Performer: KEiiNO

Song: Spirit in the Sky

Eurovision odds: 30/1

Previous wins: 3 (1985, 1995, 2009)

Three-time winners Norway have consistently performed well at Eurovision recently with four top-10s in the last six years and their 2019 entry from KEiiNO should be no exception.

Spirit in the Sky is classic Euro pop, but with Nordic folk melodies and joik - traditional song from the Sami people - thrown in for good measure.

Norway won Eurovision in 2009 and this is a potential challenger although a place in the top five is more realistic.

Traders' Tips - View from the trading floor

Norway's KEiiNO have a really catchy song with some Sami rapping that may fare less well with the jury vote than others but it should get one of the biggest receptions of the night. Drawn at 15, the public vote should get behind this enough to secure them a top-10 place.

France

Performer: Bilal Hassani

Song: Roi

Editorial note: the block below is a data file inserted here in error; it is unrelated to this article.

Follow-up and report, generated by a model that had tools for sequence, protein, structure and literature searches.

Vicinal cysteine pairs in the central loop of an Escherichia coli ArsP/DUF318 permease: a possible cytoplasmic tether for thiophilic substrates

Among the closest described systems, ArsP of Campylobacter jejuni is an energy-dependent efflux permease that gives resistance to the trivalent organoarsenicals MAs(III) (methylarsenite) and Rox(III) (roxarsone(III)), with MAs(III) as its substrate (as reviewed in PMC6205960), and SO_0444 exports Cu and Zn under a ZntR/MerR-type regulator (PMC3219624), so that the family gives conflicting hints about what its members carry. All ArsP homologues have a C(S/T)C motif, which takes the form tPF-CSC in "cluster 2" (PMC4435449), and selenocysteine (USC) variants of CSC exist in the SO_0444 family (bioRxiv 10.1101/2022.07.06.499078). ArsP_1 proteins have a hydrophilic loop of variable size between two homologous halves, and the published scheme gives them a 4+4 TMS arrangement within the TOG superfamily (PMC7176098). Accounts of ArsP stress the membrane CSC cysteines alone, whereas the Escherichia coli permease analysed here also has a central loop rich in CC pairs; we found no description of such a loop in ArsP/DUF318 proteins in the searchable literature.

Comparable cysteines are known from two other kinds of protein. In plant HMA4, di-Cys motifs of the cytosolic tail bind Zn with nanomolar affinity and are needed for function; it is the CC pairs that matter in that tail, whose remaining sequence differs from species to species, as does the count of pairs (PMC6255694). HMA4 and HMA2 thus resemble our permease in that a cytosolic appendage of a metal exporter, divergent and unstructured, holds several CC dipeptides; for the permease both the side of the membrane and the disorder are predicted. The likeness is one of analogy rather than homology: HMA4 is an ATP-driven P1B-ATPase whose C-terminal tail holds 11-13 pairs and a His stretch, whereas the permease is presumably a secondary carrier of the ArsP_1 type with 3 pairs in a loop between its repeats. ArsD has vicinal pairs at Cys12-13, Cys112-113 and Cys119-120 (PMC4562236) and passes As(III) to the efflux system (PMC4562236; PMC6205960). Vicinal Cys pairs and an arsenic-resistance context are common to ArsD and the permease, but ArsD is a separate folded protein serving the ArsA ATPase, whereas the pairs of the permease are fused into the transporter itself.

Eurovision odds: 30/1

Previous wins: 5 (1958, 1960, 1962, 1969, 1977)

France were perennial winners of Eurovision in the early days of the competition, but their last win came in 1977 with Marie Myriam's L'oiseau et l'enfant.

This year, they are expected to be competitive with Bila Hassani's Roi which he sings in French and English.

As a young boy, Hassani covered Conchita Wurst's 'Rise Like a Phoenix' on French talent show The Voice Kids in 2015 and has been voted one of the most influential members of the LGBT community by French magazine 'Tetu'.

A song of hope for those marginalised in society should go down a storm with Eurovision lovers.

Warren Barner
@warren_barner in Entertainment